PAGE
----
“A pessimist sees the difficulty in every opportunity; an optimist sees the opportunity in every difficulty.” — Sir Winston Churchill (1874-1965)

“I will say this about being an optimist– even when things don’t turn out well, you are certain they will get better.” — Frank Hughes

“All the days of the afflicted are evil, But he who is of a merry heart has a continual feast.” — Bible, Proverbs 15:15

The current downturn and volatility of the stock market along with other economic uncertainty has many people stirred up to the point of panic. Not so with one of my optimistic friends who admitted to being behind in his long-term investment goals. He correctly recognized this situation for what it is – a HUGE opportunity to catch up. Stocks-based investments are on sale at 1989 prices!

An optimist goes on an adventure, while the pessimist stays home. Maybe this is a good thing. We need people to “mind the store” while the rest of us are out living life. Great leaders are optimists. Their optimism was not the result of their climb to the top — it was the cause. They go a step further, by their inspiration.

“For myself I am an optimist – it does not seem to be much use being anything else.” — Sir Winston Churchill (1874-1965), speech at the Lord Mayor’s banquet, London, November 9, 1954

“The American, by nature, is optimistic. He is experimental, an inventor and a builder who builds best when called upon to build greatly.” — John F. Kennedy (1917-1963)

“I’ve spoken of the shining city all my political life … in my mind it was a tall, proud city built on rocks stronger than oceans, windswept, God-blessed, and teeming with people of all kinds living in harmony and peace; a city with free ports that hummed with commerce and creativity. And if there had to be city walls, the walls had doors and the doors were open to anyone with the will and the heart to get here. That’s how I saw it, and see it still.” — Ronald Reagan (1911-2004), Farewell Address, January 11, 1989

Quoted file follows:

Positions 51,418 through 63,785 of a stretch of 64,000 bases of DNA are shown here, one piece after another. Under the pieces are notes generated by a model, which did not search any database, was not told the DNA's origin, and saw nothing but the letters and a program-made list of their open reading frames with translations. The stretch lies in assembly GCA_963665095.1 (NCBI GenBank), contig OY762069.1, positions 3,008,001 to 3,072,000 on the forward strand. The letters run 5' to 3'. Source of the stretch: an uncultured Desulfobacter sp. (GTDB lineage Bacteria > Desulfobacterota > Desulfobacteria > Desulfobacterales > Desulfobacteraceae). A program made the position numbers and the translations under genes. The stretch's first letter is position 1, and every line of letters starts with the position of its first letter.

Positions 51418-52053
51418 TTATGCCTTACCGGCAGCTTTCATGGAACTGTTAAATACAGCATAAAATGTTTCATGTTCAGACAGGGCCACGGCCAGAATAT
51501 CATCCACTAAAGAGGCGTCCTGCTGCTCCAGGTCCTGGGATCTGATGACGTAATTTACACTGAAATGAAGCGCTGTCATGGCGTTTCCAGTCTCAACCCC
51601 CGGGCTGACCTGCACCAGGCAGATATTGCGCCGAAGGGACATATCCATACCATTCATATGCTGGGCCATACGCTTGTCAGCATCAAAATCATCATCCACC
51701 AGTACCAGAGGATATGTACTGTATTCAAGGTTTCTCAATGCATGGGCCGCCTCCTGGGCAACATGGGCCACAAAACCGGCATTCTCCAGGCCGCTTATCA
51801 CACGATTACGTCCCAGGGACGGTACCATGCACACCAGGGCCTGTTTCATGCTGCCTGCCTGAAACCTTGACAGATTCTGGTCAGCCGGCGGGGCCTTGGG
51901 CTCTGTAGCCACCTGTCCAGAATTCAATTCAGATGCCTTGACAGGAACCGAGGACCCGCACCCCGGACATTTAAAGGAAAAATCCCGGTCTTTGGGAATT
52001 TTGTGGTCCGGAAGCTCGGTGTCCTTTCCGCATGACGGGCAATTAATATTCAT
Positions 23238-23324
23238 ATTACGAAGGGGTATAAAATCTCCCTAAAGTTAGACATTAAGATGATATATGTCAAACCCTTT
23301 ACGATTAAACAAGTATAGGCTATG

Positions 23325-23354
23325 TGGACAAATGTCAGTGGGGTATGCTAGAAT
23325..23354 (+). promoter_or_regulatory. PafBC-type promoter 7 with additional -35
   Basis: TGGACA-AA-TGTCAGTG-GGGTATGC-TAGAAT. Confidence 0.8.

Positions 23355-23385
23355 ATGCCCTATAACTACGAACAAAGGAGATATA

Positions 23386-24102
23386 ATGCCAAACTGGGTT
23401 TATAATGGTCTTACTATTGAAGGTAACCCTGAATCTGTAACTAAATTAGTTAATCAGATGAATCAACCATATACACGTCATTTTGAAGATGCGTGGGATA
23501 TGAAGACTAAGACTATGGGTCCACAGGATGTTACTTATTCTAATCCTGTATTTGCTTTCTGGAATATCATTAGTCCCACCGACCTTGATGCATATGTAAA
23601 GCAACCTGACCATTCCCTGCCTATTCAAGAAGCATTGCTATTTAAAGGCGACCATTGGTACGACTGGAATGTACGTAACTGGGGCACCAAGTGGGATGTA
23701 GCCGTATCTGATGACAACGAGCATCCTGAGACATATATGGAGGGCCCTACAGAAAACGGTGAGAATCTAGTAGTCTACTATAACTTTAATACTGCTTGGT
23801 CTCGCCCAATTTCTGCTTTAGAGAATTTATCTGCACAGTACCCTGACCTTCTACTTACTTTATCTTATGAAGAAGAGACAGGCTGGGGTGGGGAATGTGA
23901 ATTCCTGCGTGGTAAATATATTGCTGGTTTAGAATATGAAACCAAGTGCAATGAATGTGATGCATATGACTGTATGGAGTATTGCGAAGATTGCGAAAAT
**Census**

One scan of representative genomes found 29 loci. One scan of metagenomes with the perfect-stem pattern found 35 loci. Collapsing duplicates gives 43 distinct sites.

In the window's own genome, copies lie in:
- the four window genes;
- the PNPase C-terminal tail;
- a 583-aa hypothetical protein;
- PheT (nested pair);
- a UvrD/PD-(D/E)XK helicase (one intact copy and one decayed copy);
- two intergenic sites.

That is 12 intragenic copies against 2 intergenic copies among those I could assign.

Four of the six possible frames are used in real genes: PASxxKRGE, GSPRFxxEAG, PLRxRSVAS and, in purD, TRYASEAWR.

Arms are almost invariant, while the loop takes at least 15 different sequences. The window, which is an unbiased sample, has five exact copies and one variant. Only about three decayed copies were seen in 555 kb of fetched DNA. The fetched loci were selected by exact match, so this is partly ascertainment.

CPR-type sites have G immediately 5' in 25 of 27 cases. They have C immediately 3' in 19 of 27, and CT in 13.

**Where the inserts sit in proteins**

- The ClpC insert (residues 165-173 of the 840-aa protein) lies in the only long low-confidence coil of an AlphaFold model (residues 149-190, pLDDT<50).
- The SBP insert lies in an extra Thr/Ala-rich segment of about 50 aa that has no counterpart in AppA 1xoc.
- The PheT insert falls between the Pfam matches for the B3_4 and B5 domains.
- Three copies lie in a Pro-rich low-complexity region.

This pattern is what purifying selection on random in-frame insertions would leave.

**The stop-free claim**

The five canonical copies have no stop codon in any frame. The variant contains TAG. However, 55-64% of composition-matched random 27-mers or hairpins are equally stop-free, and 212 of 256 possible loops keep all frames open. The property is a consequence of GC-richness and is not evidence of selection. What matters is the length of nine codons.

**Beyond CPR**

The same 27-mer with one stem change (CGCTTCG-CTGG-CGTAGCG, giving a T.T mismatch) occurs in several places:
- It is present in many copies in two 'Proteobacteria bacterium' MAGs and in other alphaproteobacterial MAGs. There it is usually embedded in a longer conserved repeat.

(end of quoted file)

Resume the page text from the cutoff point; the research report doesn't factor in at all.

How can someone become more optimistic? It starts with a decision. Yes, it is possible to decide today to become more optimistic. Here are five steps to get you started.

1) Take a personal inventory — Write down all of your blessings. Focus only on the positive. If you’re pessimistic, you’ve spent enough time and effort dwelling on the negative. Post your list of blessings on your bathroom mirror, by your bed and other prominent places. Add to your list regularly.

“This is the day the LORD has made; We will rejoice and be glad in it.” — Bible, Psalm 118:24

“Praise the LORD! Oh, give thanks to the LORD, for He is good! For His mercy endures forever.” — Psalm 106:1

2) Seek God’s help daily — Develop your new positive attitude through prayer. Give thanks for each item on your list of blessings. Seek forgiveness for your mistakes. Ask God for strength, wisdom and guidance.

“He gives power to the weak,
And to those who have no might He increases strength.
But those who wait on the LORD
Shall renew their strength;
They shall mount up with wings like eagles,
They shall run and not be weary,
They shall walk and not faint.”

— Bible, Isaiah 40:29,31

3) Purge the negative thoughts — Throw away the negative stuff cluttering your mind. Write down your liabilities, barriers and excuses. Then tear them up and burn the pieces – literally! The next time you catch yourself thinking a negative thought, take a moment to remember that purging process.

“What then shall we say to these things? If God is for us, who can be against us?” — Bible, Romans 8:31

4) Fill your mind with positive thoughts — Without the negativity there is room for positive thoughts. Make good choices for what you read, listen to, and watch on television. Put driving time to good use — turn your car into a university on wheels. Even if you can’t feel it, your mind is hungry, too. Feed it daily!

“Pity the man who has a favorite restaurant, but not a favorite author.” — Jim Rohn (1930- ), Weekly Ezine, Issue 48 – July 26, 2000

“Before you change your thinking, you have to change what goes into your mind.” — Zig Ziglar (1926- )

5) Reinforce your positive thoughts — Start using positive language. Practice it until it becomes a habit.

Friend: “How’s it going?”
You: “OK, I guess.”

This type of response is no longer acceptable. Only words like good, great, and fabulous are worthy of an optimist.